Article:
Bahrain hosts the US 5th Fleet which is by far the most powerful military force in the region and it is right off the coast of eastern Saudi Arabia. Eastern Saudi Arabia is where the most of the country’s oil is. Like Bahrain, it is also largely Shiite, while the Saudi Arabian government is Sunni. By some weird accident of history and geography, the concentration of the world’s energy resources is in the northern Gulf region, which is mostly Shiite and in a largely Sunni world. it is long been a nightmare for Western planners to consider the possibility that there might be some kind of tacit Shiite alliance, beyond Western control, that could take control of most of the core of the world’s energy supplies. So there was barely a tap on the wrist when Saudi Arabia led a military force into neighboring Bahrain to violently crush the protests there. In Libya where there is plenty of oil, but Gadhafi is very unreliable and it makes sense from an imperial point of view to see if you can replace him with someone more pliable and more trustworthy who will do what you want him to do. Therefore you react differently in Libya. The Clinton doctrine was that the US is entitled to resort to unilateral forces to ensure, “uninhibited access to key markets, energy supplies and strategic resources:
The US Federal Reserve, at least in principle, has a dual mandate: one of them is to control inflation; the other is to maintain employment. The European Central bank (ECB) has only one objective, to control inflation. It is banker’s bank, nothing to do with the population. They have an inflation target of 2% and you are not allowed to threaten that. They insist on not carrying out any stimulus or anything like quantitative easing or other measures that might increase growth.
The effect is that weaker countries in the European Union are never going to be able to get out of their debt under these policies. In fact, debt levels are getting worse. As you cut down growth, you cut down the possibility of debt repayment. Hence they sink deeper into misery. The effect of these polices is to weaken welfare-state measures and to reduce the power of labor. That is class war and it is fine for the banks, for financial institutions, but terrible for the population.
Pashtun population which crosses the border of Afghanistan and Pakistan has never accepted the Durand Line the British imposed boundary that cuts through their territory.
When people wanted enough freedom that they couldn’t be enslaved or killed or repressed, new modes of control naturally developed to try to impose forms of mental slavery so they would accept a framework of indoctrination and would not raise any questions. If you can trap people into not noticing, let alone questioning, crucial doctrines, they are enslaved. They will essentially follow orders as if there was a gun pointed to them.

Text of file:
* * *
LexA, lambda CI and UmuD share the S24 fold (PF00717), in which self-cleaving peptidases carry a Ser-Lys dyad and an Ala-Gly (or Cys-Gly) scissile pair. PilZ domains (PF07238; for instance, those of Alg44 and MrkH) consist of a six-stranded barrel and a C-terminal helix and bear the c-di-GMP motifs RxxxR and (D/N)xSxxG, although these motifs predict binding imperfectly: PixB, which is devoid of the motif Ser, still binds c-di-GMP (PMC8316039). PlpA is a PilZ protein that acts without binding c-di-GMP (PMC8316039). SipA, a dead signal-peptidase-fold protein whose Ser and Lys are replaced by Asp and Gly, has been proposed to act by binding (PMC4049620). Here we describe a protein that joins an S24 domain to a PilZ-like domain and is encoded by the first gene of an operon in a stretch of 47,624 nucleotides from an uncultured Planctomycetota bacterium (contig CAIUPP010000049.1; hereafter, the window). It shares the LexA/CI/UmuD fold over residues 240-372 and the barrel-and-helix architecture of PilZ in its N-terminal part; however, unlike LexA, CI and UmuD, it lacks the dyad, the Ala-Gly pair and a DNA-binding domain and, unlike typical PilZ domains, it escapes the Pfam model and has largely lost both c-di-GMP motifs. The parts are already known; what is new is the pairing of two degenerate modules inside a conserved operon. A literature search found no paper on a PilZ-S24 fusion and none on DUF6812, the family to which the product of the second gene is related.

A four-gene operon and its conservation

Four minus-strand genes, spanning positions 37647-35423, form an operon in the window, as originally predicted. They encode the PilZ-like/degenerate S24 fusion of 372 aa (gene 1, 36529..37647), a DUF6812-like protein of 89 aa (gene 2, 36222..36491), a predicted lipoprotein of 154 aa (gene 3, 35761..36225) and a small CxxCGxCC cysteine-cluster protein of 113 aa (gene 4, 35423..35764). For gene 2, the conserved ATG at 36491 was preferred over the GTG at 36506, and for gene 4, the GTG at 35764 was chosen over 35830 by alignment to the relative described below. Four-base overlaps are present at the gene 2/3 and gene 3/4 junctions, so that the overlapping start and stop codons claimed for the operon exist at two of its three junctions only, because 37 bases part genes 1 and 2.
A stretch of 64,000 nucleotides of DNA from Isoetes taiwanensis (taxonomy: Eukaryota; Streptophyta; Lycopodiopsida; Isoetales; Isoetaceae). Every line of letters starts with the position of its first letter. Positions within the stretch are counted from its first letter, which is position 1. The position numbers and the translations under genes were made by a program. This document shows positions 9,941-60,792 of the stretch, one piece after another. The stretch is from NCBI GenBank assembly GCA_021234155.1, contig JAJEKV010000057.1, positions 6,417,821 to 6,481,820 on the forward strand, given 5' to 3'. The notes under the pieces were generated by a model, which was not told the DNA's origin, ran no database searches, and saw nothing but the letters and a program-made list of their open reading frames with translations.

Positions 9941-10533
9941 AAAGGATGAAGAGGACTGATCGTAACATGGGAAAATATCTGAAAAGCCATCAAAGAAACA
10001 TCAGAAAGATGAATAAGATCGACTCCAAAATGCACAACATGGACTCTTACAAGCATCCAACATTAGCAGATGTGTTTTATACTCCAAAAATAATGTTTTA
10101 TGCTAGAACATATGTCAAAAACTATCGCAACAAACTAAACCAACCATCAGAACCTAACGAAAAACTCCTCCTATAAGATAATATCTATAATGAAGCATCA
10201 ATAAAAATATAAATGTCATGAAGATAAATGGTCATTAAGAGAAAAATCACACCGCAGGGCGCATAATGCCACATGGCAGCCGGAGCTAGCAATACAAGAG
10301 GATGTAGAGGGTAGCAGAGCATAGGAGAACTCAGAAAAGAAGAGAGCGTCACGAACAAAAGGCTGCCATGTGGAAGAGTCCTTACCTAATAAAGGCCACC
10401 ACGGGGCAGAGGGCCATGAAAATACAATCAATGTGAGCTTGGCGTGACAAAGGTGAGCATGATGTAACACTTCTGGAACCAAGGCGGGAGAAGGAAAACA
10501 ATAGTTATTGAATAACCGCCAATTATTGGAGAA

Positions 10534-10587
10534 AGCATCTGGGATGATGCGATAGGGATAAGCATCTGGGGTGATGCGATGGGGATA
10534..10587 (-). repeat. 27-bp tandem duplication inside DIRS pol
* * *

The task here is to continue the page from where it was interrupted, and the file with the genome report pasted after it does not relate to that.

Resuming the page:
A friend of mine who teaches sixth grade described to me once how she had taught her students about the American Revolution. A couple of weeks before they got to that assignment, she started acting very harshly, issuing orders and commands, making the kids to do all kinds of things they did not want to do. They got pretty upset and they wanted to do something about it. They started to get together and protest. By the time it got to the right point, she opened the lesson on the American Revolution. She said, “OK, now you can see why people rebel”. And the kids understood why you would. That’s the type of creative teaching.
Florida announced recently that it is cutting back funding for the state university, but increasing funding for sports. I remember going to some college for a talk, but the first thing we drove to was some huge stadium. Right next to the sports stadium was a big building. I asked the students what it was and they said, “That is where the football players lie”. They get special training to enable them to pass the courses so they can keep playing football.
There are two striking images that I think capture the essence of the conflict. One view is that education should be like pouring water into a bucket. As we all know from our own experience, the brain is a pretty leaky bucket so you can study for an exam on some topic in a course you are not interested in, learn enough to pass the exam and a week later you have forgotten what the course was. The water has leaked out. But this approach to education does train you to be obedient and follow orders, even meaningless orders.
The other type of education was described by one of the great founders of the modern higher education systems, Wilhelm von Humboldt, a leading figure and founder of classical liberalism. He said, education should like to lay out a string that the student follows in his own way. In other words, giving a general structure in which the learner will explore the world in their own creative, individual independent fashion. Developing not only acquiring knowledge, but learning how to learn. In one of the MIT class, students asked their Physical professor Victor Weisskopf what his course would cover, he would say, “It does not matter what it cover. It matters what you discover”. In other words, if you can learn how to discover, then it does not matter what the subject matter is. You will use that talent elsewhere.
Languist is somebody who can speak a lot of languages, and linguist is somebody who is interested in the nature of language.
Capitalism is based on production for profit, not need. It is also based on a requirement of constant growth for profit. That is self-destructive - quite apart from things like the steady process of monopolization, forming more and more oligopolies as well as overproduction and the decline of the rate of profit. These are long-term tendencies that can be delayed, but they are inherit to capitalism.
Books mentioned in this book:
David Montgomery - The fall of the house of labor.
Benjamin Ginsberg - The fall of Faculty